Alex Massie

The Essence of Palinism

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Commenting on Sarah Palin here, regular correspondent Snowman does us all a favour by distilling Palinism to its essence:

Tell me, if you will, what is it that irks you that much? If she is that of a comedian, why does she make you madder than the dogs, ha? You reckon the great unwashed of America have to told by the likes of you what to think of her? Why? Do you possess the capacity to tell us how to rate politicians, how to think, how to live our lives?

Isn’t ‘hopeandchange’ equally glib? Glibness happens to be the trademark of any political rhetoric, it’s the art of talking a lot without saying very much of any substance. I grant you, Obama’s language hints at refinement, erudition and stuff, but this ain’t the key pre-requisite of a politician that gets results, and certainly not the results that move us forward into the uncertain future in a way that would make historians in the years ahead applaud rather than despair.

I have no idea whether Palin has the ability to dissect, synthesise and reach a conclusion on anything from cooking a pie to pushing for a deeper hole to be dug in Afghanistan. The mere fact that she drives you, the pseudo-liberal elite, to as near insanity as is humanely possible without, sadly, the unlikely chance that you may actually explode, warms my cockles soooo pleasingly. It truly does.

May she long continue to kick you where it really hurts.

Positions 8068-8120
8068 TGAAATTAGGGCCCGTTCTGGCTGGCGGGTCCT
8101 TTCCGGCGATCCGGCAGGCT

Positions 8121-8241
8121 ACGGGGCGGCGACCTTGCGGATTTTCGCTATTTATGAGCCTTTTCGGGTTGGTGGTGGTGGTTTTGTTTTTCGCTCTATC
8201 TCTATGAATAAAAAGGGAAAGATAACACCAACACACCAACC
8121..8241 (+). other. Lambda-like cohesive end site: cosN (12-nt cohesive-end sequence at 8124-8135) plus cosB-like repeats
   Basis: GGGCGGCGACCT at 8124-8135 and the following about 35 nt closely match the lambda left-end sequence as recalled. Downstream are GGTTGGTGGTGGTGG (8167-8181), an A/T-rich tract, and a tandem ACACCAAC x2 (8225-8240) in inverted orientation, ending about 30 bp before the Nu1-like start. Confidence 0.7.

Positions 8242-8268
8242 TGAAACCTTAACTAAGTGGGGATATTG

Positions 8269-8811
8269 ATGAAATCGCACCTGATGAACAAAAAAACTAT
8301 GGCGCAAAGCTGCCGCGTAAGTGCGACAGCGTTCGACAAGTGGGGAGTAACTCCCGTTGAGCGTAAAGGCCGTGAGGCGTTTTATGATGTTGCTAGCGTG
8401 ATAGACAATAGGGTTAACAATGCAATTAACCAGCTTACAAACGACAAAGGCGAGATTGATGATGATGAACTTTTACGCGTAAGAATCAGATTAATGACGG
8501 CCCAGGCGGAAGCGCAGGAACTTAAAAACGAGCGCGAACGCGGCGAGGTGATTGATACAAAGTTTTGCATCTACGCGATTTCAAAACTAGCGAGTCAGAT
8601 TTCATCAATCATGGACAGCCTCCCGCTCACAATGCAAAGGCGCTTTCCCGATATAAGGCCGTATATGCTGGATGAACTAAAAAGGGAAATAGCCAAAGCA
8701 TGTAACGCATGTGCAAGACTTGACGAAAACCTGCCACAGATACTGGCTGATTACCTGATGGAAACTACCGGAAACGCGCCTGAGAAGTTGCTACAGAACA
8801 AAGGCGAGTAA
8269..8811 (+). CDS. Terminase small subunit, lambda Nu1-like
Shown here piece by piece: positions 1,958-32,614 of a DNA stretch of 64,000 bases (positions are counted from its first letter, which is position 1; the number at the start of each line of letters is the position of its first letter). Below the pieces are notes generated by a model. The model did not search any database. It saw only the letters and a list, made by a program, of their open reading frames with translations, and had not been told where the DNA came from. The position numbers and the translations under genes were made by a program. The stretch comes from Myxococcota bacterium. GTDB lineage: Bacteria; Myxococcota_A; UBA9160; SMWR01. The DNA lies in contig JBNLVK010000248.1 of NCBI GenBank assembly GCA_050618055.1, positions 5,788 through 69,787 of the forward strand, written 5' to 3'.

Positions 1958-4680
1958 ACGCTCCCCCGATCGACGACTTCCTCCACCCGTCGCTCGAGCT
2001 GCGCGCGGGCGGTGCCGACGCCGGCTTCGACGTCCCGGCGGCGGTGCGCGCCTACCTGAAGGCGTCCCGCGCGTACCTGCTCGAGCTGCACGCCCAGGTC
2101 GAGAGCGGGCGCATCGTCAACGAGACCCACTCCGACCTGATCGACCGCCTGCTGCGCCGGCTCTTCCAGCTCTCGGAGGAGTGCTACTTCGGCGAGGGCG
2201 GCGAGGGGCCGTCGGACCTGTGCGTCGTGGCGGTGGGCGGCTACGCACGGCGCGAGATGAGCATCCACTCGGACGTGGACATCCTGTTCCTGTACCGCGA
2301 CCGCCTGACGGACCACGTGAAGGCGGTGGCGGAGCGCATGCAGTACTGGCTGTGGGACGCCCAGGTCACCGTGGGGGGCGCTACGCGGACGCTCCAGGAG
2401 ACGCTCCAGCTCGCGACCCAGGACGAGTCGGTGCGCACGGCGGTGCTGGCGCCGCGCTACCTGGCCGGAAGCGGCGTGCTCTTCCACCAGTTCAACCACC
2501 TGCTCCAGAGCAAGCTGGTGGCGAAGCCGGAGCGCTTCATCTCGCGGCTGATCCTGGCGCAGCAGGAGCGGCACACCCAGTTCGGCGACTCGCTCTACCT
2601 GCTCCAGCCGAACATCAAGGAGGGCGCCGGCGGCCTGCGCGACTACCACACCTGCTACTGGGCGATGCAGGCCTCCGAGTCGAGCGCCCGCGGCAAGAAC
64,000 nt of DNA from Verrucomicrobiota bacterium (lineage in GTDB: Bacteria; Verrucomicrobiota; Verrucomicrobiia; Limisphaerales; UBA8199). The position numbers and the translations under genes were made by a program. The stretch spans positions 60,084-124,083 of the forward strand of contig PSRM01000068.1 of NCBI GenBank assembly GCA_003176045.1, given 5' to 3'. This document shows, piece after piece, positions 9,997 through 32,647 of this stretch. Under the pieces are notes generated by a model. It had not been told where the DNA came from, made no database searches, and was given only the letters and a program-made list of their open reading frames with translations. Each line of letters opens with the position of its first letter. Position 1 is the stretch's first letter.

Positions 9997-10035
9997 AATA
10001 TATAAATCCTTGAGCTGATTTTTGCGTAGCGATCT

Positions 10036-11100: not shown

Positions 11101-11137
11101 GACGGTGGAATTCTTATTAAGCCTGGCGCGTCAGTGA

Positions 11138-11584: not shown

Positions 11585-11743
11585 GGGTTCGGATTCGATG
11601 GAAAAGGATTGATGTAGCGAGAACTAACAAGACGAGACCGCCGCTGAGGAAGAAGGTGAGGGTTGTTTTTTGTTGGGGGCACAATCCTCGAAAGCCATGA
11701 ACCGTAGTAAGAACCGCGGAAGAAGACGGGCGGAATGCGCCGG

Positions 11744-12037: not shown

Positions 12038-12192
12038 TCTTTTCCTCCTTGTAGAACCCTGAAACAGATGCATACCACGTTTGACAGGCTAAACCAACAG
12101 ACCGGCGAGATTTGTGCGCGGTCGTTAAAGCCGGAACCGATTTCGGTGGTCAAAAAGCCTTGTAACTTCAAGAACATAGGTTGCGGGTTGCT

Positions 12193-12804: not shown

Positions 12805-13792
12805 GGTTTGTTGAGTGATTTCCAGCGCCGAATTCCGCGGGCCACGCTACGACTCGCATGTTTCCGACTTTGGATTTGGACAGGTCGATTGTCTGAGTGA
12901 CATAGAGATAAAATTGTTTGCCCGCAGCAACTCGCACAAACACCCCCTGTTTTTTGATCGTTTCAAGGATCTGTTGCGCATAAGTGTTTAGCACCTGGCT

Credit to him for his honest admission that Palin and Palinism is essentially a question of style or sentiment rather than anything so tiresome as building a Republicanism that can win. If all you want from politics is entertainment or the pleasure of seeing your opponents annoyed then Palinism makes sense. And, sure, it's enjoyable enough in its own way. But it's also not enough.

There's a difference between a provocateur and a serious candidate for national office. Perhaps Palin now prefers to be a celebrity. That's fine and her right. But it's as though the Democratic party had responded to the alienation brought on by the 2000 election by deciding that Michael Moore was the proper champion to carry the progressive agenda forward. And of course many American lefties did enjoy watching Moore twist conservative tails. But they didn't make the mistake of thinking that Moore might be a sensible or credible electoral figure.

Finally, the people exasperated by Palin* are not, in my experience, Democrats; rather they're Republicans who wonder why their party has lost its mind and now thinks that her brand of politics - based on rabble-rousing and, it must be said, genuine ignorance - is part of any long-term way forward for the party.

No-one doubts that the GOP will make gains this year but will they draw the right lessons from that or will they echo the mistakes made by the Democrats after the 1982 mid-terms? Back then, the Donkeys took back 27 seats in the House but learnt none of the right lessons from that success.

*The other thing, mind you, is that the Idea of Palin when she first burst onto the scene was appealling and had a certain logic to it. Like many others I was initially quite enthusiastic about her. Alas, then she started doing interviews and everything fell apart as it became obvious that she wasn't up to the job.

Written byAlex Massie

Alex Massie is Scotland Editor of The Spectator. He also writes a column for The Times and is a regular contributor to the Scottish Daily Mail, The Scotsman and other publications.

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